This all goes back to the piece I wrote last week… someone needs to get some big bucks in their deep pockets and start the commune of the indie players’ fantasies. There is a business model that can work… it just requires a lack of raw greed on everyone’s part. If there are 10 different places streaming indies with differing proclivities, it will remain an untenable market. The niche needs a target. And I still think that SnagFilms and Ted Leonsis’ deep pockets would be the best way to go. They’ve spent a good amount of money and this would be an even bigger investment, but I truly believe that they could get a base of subscribers of over 5 million within the first two years after making themselves the place to go with your small, quality films, giving them greater cache with the higher profile indies. Think of the platform just for domestic screening on foreign films that haven’t been over here.

5 Responses to “MoreOn Netflix”

  1. “It has nothing to do with wanting the indies or not wanting the indies.”

    As a user, it doesn’t really matter WHY Netflix is cutting back on indies, all that matters is the fact of it. It’s obviously a wise move for them in the current climate, but it’s another strike in the “Get rid of Netflix” column as I consider dumping them.

    It’s already tempting to jettison the physical DVD part of the plan, but their streaming seems to be getting weaker at the moment and I’m not sure it’s worth 8 or 9 bucks a month anymore. A few Dreamworks titles won’t fix that.

  2. James says:

    “There is a business model that can work… it just requires a lack of raw greed on everyone’s part.”

    I dont see how David. I’ll say this more bluntly, for those interested in “indie” product (defined by the studios you mentioned last week), the quality of product we’re talking about is extremely low and has very little demand. We’re talking about the films that play to small audiences at film festivals or made for peanuts horror films

  3. Foamy Squirrel says:

    That’s the whole principle behind bundling though – if one of those films was on a local theatre and you’d be looking at a poorer turnout than Bucky Larson. Stick it as part of a festival, and at least you get the morbidly curious.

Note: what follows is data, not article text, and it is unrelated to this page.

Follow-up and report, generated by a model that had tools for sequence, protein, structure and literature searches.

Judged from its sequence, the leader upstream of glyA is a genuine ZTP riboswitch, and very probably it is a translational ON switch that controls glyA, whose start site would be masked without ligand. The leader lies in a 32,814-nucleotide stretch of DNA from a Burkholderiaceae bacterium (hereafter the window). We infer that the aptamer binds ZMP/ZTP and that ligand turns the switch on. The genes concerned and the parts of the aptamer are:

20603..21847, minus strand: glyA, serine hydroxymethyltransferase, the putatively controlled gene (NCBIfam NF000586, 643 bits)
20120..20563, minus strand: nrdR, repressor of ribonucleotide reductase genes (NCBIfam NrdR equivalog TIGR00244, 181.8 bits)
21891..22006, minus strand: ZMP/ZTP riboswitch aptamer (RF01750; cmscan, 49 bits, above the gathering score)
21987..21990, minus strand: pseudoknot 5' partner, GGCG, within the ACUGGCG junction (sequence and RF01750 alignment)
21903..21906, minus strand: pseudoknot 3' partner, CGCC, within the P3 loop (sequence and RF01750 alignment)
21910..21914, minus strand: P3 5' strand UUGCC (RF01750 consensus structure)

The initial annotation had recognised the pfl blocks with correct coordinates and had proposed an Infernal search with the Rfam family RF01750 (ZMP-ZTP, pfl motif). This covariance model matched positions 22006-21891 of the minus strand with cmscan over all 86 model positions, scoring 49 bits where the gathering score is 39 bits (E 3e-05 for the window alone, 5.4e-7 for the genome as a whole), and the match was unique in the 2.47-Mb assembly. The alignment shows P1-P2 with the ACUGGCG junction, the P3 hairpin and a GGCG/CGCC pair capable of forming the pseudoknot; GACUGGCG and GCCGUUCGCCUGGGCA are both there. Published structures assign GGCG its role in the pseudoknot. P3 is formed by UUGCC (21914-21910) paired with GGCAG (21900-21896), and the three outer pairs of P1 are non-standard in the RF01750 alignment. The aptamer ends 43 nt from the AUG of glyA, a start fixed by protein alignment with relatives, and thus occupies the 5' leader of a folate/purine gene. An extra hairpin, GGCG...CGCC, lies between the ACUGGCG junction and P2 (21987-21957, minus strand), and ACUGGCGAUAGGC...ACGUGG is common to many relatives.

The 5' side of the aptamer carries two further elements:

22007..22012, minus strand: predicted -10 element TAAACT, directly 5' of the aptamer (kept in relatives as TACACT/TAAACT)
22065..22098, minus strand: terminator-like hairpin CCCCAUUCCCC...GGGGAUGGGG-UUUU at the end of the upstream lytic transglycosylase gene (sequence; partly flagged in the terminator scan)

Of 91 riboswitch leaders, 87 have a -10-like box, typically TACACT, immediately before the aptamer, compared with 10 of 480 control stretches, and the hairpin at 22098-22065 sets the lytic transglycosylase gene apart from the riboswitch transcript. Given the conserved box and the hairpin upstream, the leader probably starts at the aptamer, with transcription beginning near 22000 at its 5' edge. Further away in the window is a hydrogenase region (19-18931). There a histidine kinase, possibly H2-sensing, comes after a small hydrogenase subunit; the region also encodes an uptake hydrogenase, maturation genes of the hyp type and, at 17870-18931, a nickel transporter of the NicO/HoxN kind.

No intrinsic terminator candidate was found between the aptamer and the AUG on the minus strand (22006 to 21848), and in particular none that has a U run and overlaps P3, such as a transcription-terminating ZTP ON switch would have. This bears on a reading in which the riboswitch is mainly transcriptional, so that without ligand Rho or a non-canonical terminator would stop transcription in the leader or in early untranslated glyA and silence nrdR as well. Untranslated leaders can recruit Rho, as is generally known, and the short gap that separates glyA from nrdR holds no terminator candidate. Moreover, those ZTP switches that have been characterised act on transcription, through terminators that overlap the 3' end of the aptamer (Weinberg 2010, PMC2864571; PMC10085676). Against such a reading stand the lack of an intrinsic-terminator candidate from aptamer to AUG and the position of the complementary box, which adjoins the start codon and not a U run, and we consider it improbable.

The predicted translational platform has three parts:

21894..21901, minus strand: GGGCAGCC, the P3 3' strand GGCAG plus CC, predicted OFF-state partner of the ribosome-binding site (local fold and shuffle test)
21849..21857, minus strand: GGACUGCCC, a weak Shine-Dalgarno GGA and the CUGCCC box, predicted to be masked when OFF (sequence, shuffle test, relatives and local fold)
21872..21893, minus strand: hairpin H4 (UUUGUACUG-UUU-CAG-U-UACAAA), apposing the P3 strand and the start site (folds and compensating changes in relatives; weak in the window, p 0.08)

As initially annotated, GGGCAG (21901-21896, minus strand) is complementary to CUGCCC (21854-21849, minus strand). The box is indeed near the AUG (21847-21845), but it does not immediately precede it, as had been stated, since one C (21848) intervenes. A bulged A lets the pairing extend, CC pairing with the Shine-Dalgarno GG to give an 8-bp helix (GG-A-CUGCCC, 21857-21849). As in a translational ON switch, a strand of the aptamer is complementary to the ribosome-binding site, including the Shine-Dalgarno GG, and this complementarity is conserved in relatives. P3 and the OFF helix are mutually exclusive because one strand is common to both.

As you get a larger and larger indie scope, the likelihood that something will catch your fancy also increases – “Now streaming 10,000 international films” or whatever might attract some attention. Throw it in for an extra $2 on your Amazon Prime, Netflix or Dish monthly bill, and suddenly those films have a chance to pass the convenience threshold and start earning some money. Heck, that’s the whole principle behind cable channels – how many channels do you think would vanish overnight if you didn’t have to choose “160 channels” vs “170 channels INCLUDING HBO!” etc.

  4. krazyeyes says:

    Is Netflix still planning on producing that original content that was reported ages ago? I haven’t really been looking but I din’t think i’ve heard a peep about any original content since the original press release.

  5. Bennett says:

    Another problem for Netflix might be this new Amazon Kindle Fire. I am not sure what kind of 3G/WIFI connection it has but I am sure that people will be using Amazon Prime on it. As Netflix starts losing more and more content people might start looking at Amazon Prime as a possible replacement.

    Smart move Amazon

The Hot Blog

Quote Unquotesee all »

“Ten years ago at Telluride, I said on a panel that theatrical distribution was dying. It seemed obvious to me. I was surprised how many in the audience violently objected: ‘People will always want to go to the movies!’ That’s true, but it’s also true that theatrical cinema as we once knew it has died. Theatrical cinema is now Event Cinema, just as theatrical plays and musical performances are Events. No one just goes to a movie. It’s a planned occasion. Four types of Event Cinema remain.
1. Spectacle (IMAX-style blockbusters)
2. Family (cartoon like features)
3. Horror (teen-driven), and
4. Film Club (formerly arthouse but now anything serious).

There are isolated pockets like black cinema, romcom, girl’s-night-out, seniors, teen gross-outs, but it’s primarily those four. Everything else is TV. Now I have to go back to episode five of ‘Looming Tower.'”
~ Paul Schrader

“Because of my relative candor on Twitter regarding why I quit my day job, my DMs have overflowed with similar stories from colleagues around the globe. These peeks behind the curtains of film festivals, venues, distributors and funding bodies weren’t pretty. Certain dismal patterns recurred (and resonated): Boards who don’t engage with or even understand their organization’s artistic mission and are insensitive to the diverse neighborhood in which their organization’s venue is located; incompetent founders and/or presidents who create only obstacles, never solutions; unduly empowered, Trumpian bean counters who chip away at the taste and experiences that make organizations’ cultural offerings special; expensive PR teams that don’t bring to the table a bare-minimum familiarity with the rich subcultural art form they’re half-heartedly peddling as “product”; nonprofit arts organizations for whom art now ranks as a distant-second goal behind profit.”
~ Eric Allen Hatch